It’s extremely common to take out a loan to make a large purchase, or use a credit card for charging smaller everyday items. Occasionally, unforeseen circumstances or financial difficulties can put you in peril of defaulting on your monthly payment. Is there any way to guard against the possibility that you won't be able to make your payment in the future? Read on to learn more about credit insurance.
How Credit Insurance Works
Credit insurance is debt cancellation coverage that is sold by lenders, including banks, credit unions, auto dealers, and finance companies. When you take out a loan, or when you use a credit card, you have the option of purchasing credit insurance. In the event of your death, disability, or another triggering event, the credit insurance will make your monthly payments directly to the creditor on your behalf.
Sometimes, credit insurance is included in a loan proposal. However, credit insurance is always voluntary, and under no circumstances can you be forced to purchase it from a lender. In fact, the Federal Trade Commission (FTC) has stated that that it's illegal for a lender to deceptively include insurance or other optional products in your loan without your knowledge or permission.
Credit insurance can offer you peace of mind, but depending on your circumstances the premiums may not justify the possible payout. The same sort of protections offered by credit insurance can also be provided through life insurance and disability insurance policies, so when shopping for insurance, consider exploring those sorts of policies as well.
Types of Credit Insurance
The types of credit insurance that will be right for you depends in large part on the type of risk that you are trying to guard against. The most common types of credit insurance are:
- Credit life insurance: This coverage repays some or all of your loan if you die.
- Credit disability insurance: This type of policy will make your payment if you can't work due to an illness or injury.
- Involuntary unemployment insurance: If you experience an involuntary loss of income through no fault of your own (for example, if you are laid off), this policy will make your loan payments until you are back on your feet.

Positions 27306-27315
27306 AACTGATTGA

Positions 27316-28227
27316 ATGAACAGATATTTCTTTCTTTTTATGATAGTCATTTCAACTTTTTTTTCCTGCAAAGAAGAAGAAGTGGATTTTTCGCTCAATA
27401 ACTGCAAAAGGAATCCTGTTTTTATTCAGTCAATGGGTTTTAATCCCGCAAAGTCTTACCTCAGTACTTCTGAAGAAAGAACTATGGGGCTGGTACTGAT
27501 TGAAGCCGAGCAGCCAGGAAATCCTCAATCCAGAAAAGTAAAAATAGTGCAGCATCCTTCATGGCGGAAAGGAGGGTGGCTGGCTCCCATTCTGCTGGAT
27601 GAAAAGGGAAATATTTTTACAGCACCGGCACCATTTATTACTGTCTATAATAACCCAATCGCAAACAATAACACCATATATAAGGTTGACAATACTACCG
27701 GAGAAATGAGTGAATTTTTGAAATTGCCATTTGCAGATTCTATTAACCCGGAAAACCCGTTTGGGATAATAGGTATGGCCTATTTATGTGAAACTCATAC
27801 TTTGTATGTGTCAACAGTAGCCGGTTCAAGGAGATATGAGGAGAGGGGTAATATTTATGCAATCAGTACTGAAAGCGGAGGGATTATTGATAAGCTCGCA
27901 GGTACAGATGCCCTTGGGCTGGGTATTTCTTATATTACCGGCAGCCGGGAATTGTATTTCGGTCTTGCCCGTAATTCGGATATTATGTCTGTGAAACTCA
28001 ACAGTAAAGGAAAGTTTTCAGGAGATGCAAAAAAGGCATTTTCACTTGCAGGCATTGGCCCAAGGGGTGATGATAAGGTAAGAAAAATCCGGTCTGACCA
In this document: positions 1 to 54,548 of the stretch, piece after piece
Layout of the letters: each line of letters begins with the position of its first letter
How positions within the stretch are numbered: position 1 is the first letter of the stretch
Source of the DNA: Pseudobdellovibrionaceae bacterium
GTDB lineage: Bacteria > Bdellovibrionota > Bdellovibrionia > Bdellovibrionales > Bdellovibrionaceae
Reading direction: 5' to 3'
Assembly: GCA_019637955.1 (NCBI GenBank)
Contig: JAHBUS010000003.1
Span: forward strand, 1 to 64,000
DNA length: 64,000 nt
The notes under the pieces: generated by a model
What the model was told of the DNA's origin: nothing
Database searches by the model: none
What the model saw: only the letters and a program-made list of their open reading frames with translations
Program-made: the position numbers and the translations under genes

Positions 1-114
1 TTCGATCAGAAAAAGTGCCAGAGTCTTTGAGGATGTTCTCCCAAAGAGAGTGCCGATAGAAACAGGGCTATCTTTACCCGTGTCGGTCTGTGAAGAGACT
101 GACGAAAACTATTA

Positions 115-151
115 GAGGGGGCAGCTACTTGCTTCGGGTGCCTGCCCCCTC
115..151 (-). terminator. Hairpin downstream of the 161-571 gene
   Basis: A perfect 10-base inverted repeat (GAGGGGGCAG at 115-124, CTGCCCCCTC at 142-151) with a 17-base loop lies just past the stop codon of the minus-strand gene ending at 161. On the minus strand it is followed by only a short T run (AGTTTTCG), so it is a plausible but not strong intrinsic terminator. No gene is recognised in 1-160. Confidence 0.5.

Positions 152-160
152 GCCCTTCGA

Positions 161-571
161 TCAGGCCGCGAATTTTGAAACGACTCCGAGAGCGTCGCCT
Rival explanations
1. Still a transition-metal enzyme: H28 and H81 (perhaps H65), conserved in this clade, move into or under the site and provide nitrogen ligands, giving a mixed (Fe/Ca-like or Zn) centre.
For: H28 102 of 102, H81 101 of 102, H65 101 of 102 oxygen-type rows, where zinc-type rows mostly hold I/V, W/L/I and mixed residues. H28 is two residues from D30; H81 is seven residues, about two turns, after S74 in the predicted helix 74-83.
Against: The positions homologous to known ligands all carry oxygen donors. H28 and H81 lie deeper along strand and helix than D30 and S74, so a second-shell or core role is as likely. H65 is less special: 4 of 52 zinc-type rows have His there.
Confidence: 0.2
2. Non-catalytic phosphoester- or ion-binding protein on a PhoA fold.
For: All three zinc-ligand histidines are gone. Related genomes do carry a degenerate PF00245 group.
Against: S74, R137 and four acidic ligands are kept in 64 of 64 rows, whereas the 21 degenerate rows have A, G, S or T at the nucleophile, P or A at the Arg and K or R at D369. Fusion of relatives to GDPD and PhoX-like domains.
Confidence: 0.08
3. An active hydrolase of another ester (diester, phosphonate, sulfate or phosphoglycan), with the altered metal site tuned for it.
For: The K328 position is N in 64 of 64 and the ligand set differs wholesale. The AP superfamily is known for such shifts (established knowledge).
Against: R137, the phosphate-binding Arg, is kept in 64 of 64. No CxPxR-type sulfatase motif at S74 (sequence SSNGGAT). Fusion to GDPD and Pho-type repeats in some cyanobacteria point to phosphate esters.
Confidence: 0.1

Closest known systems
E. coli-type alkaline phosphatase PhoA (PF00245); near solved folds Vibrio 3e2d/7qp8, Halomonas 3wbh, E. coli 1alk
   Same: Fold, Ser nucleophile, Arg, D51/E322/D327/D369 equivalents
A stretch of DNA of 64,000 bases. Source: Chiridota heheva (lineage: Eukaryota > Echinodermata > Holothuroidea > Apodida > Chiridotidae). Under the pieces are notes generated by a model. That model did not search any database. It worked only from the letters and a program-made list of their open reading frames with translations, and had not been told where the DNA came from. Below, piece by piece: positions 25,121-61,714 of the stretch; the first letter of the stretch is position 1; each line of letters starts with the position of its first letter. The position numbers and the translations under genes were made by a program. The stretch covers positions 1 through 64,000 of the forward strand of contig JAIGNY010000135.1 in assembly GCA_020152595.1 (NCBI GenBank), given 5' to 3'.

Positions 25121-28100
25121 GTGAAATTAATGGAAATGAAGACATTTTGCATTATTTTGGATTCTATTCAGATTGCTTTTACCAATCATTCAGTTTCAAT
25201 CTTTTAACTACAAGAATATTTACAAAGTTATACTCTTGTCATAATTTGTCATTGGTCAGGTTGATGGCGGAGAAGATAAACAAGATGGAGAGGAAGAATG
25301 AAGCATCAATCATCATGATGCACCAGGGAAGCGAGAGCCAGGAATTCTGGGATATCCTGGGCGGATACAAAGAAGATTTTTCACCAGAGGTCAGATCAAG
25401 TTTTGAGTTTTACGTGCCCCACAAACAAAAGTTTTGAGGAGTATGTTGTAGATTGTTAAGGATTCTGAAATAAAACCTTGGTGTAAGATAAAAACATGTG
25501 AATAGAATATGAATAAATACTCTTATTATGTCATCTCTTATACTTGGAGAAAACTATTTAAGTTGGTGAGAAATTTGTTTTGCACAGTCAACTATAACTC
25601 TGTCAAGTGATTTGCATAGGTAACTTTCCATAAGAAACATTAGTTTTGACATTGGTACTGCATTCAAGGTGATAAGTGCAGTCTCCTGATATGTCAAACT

- Credit property insurance: This type of insurance protects any personal property used to secure a loan if it destroyed by an event such as theft, accident, or natural disaster.
Types of Credit Insurance Premiums
The amount of your credit insurance premium will depend on various factors, including the amount of the loan or debt, the type of credit, and the type of policy. Premiums can either be paid using the single premium method or the monthly outstanding balance method.
Single Premium Method
With this method, your premium is calculated at the time you take out your loan, and is added to the total amount of the loan. You become responsible for the entire premium at the time that you purchase the policy. Your monthly loan payment breakdown will include a portion of the initial loan, a portion of the insurance premium, and the interest charge for the month.
Monthly Outstanding Balance Method
This method of payment is typically used for credit cards, revolving home equity loans, or similar debts where the amount of debt may increase over time. Given the variable nature of the debt, the premium for that particular month's debt is based on either the end-of-the-month balance or an average daily balance.
Get Legal Help with Credit Insurance
If you are considering a major purchase and want the protection of credit insurance, there are many issues to consider. Unfortunately, sometimes disputes can arise with your insurance company about the amount of your premium or the extent of your coverage. If you are in a dispute with your insurance company or have legal questions about credit insurance, you may want to talk to a lawyer about your options. FindLaw can help you find an experienced insurance attorney in your area.